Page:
Groceries, Immigrants, Presidents
His arm reached deep into the brown double bag, creating just
the right space at the bottom for the next heavy item. We watched
with joy the speed and accuracy of the lean, middle-aged man placing
our purchases in the proper sequence, so as to protect the more
An increasingly rare phenomenon in our time.
In 1959, after my arrival in Florida as a twenty-two year-old refugee,
supermarkets - and everything about them - were among the unforgettable
first impressions. Apart from the sheer quantity of food, the attention
paid to packaging boggled the European mind. As well as performing
a service to customers, the insistence on care and precision seemed
also to provide important early training for the mostly high-school
age youngsters who did the bagging. Later, they would need to comply
with similar standards in all walks of life.
Florida's then governor, as related to me by an elderly professor
at Florida State University, used to bag and deliver groceries in
his teens. That, and the exclusively American attitude of expecting
children of privilege to work in their teens regardless, also sent
a splendid message to newcomers. Immigrants who, more often than
not, had arrived from countries in which just getting by was the
standard, could learn all about American requirements through bagging
Not any more.
America no longer requires of immigrants that they comply with
standards, or even take serious note of the laws and customs - not
to mention language - that have made America, well, America. Some,
perhaps many, still do, but the requirements are gone.
And last week, two political correspondents of National Review
have joined Representative Barney Frank of Massachusetts in calling
for a constitutional amendment that would remove the requirement
whereby candidates for president and vice president of the United
States be native-born citizens.
The Founding Fathers presumably created the special requirement
because in other branches of government naturalized citizens were
likely outnumbered by native-born ones. We have nine justices of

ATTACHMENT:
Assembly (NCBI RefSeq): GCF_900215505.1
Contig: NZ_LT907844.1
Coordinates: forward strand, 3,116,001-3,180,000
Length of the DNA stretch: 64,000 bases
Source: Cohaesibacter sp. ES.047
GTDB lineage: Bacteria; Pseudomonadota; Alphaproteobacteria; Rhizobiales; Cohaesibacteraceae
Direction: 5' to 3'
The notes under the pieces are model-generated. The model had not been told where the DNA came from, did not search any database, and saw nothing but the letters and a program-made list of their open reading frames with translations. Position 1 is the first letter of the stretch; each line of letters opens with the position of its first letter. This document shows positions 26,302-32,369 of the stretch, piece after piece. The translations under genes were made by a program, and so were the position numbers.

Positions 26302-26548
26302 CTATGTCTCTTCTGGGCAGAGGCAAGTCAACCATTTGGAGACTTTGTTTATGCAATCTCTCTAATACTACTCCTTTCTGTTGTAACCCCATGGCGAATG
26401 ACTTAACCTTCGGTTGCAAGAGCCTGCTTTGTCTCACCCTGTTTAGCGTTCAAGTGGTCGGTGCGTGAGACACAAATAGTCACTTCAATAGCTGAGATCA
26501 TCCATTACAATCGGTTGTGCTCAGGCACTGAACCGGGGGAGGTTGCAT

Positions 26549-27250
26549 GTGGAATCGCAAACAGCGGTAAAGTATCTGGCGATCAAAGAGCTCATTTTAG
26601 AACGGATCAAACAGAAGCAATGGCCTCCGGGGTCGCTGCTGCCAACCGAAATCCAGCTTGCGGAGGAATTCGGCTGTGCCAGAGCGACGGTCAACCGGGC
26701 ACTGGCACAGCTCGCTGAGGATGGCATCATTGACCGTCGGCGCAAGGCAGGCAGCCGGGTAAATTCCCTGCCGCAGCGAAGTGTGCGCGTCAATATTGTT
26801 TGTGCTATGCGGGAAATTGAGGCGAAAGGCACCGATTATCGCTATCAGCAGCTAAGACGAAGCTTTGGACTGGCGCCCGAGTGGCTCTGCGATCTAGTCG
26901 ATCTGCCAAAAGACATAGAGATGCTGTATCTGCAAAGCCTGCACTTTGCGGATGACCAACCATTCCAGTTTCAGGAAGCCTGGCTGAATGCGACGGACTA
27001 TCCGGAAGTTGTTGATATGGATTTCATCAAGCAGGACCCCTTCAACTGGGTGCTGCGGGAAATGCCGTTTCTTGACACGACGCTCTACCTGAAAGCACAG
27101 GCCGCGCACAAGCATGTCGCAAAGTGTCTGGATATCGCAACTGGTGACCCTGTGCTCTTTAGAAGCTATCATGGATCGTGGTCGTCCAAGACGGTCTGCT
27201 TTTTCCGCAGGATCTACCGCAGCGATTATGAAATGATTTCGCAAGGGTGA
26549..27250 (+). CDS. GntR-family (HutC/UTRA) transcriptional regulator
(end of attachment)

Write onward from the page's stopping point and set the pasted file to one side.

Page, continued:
the Supreme Court, one hundred senators, 435 members of the House
of Representatives. In addition, deliberations take place over time.
But all executive power is vested in a single, solitary person who
may have to act on a moment's notice. Such a person had better display
knee-jerk reactions typical of, and unique to, native-born Americans.
"And what of those who arrived here as infants?" advocates
of the proposed amendment ask. "What is the difference between
them and the native-born?"
Alas, laws are not made for the exception.
As if to answer the question, President Bush - inspired by his
recent visit to Ellis Island - is considering to grant legal resident
status to three million Mexicans who are in America unlawfully.
If he so decides, three million people whose first act was to break
the law, would end up eligible for the presidency. Since the Constitution
charges the president to "take care that the laws be faithfully
executed," even the most tolerant among us might perceive an
Tolerance is important, and native-born Americans possess a special
brand of it - so much so that my personal opposition to such an
amendment is based on the inability of most immigrants to acquire
it in their own lifetime, myself included. But the tendency is to
confuse wise and necessary legal provisions with an absence of tolerance
and generosity. "Why are you anti-immigrant," or: "Have
you got something against Mexicans?" are the silly questions
typically posed. This nation has prospered upon a solid foundation
of laws. We cannot afford to replace that with the quicksand of
sudden emotional impulses, or of temporary political manipulation.
How political - as opposed to thoughtfully considered - the issue
has become was demonstrated by The New York Times last Sunday. Not
long ago, the Times promoted the metamorphosis of illegal aliens
into "undocumented immigrants." Now, reporting the plan
under consideration in the Bush White House, its headlines refer
to the three million Mexicans as being in the country "illegally"
and "unlawfully." Of course, those millions would presumably
vote Republican if President Bush makes them legal. Were they instead
potential Democratic voters, the New York Times would surely avoid
such mean-spirited words.
America's need is to reclaim standards while some of us can still
remember them. Whether at the supermarket or in the legal system,
we will not prosper much longer if standards become permanently
Let us restore considerably higher levels of expectation - at the
check-out counter, and in government - before we think seriously
about amending the Supreme Law of the Land.